Let's take a look at garden1's folder structure.
You will find these file types in many tracks:
This folder includes files that will be used in case the player chooses to race it backwards.
There can be 10 bitmaps named gardena.bmp to gardenj.bmp in this case.
You will have noticed that there are similar files to the bitmaps we were just looking at. These are called mipmaps.
They are used by the game and will be used on object that is further away in order to make the track look smoother.
Modern game engines do this automatically, and, in fact, if you are planning to make the track just for RVGL, you don't need to worry about those.
This file contains camera nodes that Re-Volt uses for the replay.
This file contains the POS nodes.
This file contains the AI nodes.
This contains information about instances (decorative objects).
A file for force fields. These can alter the gravity or provide wind effects.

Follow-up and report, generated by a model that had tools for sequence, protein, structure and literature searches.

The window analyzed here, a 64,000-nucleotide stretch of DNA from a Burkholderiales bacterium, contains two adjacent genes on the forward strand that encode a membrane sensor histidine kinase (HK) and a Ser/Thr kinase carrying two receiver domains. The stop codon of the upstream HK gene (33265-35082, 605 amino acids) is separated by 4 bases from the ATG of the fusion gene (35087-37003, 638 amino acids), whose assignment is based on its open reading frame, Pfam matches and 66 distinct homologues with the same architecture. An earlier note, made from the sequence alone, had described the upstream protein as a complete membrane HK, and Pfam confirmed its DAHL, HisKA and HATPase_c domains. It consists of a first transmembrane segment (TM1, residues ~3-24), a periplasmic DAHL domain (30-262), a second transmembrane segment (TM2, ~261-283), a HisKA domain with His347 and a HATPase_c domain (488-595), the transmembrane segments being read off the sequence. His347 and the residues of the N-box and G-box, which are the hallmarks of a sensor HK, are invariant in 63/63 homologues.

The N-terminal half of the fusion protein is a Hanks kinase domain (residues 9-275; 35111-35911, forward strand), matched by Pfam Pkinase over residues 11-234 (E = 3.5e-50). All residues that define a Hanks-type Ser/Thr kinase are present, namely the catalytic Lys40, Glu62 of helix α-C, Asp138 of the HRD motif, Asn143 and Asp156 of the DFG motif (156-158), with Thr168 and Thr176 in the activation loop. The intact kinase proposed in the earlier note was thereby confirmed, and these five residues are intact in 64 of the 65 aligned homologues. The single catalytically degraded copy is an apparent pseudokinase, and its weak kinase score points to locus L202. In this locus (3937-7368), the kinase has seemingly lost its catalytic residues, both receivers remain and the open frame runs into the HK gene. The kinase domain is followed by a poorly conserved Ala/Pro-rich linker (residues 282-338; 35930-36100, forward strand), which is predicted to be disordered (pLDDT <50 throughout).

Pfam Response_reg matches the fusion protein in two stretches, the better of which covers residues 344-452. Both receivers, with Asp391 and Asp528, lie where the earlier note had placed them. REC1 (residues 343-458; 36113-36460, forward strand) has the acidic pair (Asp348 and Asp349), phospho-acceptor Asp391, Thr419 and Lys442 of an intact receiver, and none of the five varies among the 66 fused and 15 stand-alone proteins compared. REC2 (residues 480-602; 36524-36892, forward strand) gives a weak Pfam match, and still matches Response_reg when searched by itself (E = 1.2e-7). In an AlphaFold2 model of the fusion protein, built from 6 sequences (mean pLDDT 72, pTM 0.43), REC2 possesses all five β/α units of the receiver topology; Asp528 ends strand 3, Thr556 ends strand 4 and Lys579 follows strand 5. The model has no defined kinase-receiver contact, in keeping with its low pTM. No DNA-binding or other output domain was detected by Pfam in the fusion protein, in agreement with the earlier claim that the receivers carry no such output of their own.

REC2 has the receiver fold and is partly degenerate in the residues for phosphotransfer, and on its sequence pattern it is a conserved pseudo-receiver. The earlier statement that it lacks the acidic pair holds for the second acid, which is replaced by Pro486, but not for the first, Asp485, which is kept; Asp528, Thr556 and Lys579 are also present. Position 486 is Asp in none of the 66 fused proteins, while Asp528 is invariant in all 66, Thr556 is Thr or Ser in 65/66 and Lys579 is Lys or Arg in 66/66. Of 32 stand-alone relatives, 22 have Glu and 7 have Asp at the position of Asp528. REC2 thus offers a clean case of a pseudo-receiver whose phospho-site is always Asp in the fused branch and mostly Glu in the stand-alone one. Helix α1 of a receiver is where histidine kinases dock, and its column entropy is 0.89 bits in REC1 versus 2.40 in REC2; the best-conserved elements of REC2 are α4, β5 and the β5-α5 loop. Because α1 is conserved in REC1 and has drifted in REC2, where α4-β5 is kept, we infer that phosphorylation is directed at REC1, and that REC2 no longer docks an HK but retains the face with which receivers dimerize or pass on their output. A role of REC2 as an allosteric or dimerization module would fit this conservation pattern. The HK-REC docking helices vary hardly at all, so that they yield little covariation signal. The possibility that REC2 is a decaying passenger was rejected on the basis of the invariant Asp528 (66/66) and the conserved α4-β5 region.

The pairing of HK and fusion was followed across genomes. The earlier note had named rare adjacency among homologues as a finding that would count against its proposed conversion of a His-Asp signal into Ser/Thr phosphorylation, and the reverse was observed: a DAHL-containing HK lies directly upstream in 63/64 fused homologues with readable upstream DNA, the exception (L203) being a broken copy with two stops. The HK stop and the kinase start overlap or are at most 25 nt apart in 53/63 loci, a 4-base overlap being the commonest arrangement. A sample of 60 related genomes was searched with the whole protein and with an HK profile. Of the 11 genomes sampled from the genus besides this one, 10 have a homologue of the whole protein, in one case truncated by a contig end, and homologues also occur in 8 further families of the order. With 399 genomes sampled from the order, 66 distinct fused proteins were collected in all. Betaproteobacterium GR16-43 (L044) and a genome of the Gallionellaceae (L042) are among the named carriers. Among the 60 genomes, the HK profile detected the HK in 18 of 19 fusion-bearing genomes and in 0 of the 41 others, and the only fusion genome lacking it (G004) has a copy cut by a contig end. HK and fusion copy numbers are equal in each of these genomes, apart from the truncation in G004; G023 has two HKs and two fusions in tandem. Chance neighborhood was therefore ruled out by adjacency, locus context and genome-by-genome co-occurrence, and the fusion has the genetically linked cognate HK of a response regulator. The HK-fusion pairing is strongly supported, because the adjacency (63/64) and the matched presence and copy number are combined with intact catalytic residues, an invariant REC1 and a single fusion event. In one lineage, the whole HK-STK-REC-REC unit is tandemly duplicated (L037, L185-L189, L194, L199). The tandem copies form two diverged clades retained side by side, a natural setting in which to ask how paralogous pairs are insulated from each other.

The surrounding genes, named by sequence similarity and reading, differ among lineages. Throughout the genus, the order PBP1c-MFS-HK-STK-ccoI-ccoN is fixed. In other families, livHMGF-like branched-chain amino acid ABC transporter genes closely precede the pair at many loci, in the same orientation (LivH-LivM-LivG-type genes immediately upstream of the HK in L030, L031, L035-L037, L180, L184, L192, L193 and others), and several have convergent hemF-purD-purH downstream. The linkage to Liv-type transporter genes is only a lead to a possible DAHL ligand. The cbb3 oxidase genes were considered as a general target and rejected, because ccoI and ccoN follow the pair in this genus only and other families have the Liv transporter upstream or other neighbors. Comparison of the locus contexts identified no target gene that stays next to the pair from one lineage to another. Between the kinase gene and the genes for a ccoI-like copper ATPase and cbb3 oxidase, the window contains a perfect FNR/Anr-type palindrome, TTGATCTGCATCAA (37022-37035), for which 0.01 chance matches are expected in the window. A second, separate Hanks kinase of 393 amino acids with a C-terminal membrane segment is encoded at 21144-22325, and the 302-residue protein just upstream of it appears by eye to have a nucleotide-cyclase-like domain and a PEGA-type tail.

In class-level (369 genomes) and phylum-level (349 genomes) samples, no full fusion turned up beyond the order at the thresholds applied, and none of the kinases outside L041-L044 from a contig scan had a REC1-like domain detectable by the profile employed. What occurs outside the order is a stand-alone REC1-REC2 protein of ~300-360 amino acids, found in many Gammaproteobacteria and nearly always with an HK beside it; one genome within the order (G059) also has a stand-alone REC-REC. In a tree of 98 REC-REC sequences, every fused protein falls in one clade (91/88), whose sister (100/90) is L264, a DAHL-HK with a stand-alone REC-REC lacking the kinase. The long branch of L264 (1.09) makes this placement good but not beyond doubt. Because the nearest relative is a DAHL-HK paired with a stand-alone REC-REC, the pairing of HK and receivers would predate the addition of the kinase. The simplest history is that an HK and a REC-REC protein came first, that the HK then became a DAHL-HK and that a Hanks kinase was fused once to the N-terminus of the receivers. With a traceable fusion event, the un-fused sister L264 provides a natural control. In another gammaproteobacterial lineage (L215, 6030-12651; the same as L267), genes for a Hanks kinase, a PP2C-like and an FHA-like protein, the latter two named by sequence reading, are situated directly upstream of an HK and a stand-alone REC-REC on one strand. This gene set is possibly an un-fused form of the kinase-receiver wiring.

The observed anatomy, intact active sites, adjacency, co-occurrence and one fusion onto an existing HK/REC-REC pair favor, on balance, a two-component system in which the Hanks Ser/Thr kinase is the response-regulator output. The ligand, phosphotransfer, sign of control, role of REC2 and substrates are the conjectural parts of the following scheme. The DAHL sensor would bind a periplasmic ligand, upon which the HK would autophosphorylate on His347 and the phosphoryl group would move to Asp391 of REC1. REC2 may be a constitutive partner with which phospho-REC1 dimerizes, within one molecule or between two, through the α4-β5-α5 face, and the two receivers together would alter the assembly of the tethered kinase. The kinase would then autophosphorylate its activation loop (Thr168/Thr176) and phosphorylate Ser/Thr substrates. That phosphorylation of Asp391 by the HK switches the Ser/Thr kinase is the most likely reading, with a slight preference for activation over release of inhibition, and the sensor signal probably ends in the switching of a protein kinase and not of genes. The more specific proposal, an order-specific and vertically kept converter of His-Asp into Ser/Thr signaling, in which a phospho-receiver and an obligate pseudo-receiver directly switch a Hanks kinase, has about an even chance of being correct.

Object file for pickups and other interactive objects.
This contains the lights. Some extra lighting effects can be achieved like shadows on cars and objects.
This one contains simple geometry to tell the game where mirrors are. These are used for reflective floors.
Information file for tracks. It contains everything meta.
Track zones, used to determine if a car went through all parts of the track.
Triggers. These are used for the direction arrows and repositioning of the car.
Visiboxes are for a kind of oldschool-culling. These are optional but can improve performance.
Geometry and texture data. We will create this one with Blender.
Collision and surface data. Also done with Blender.
In the game's folder, there is a folder called
gfx. We will need to put a bitmap in there which will be used to show a preview picture in the track selection. It will be named after the track folder you have chosen.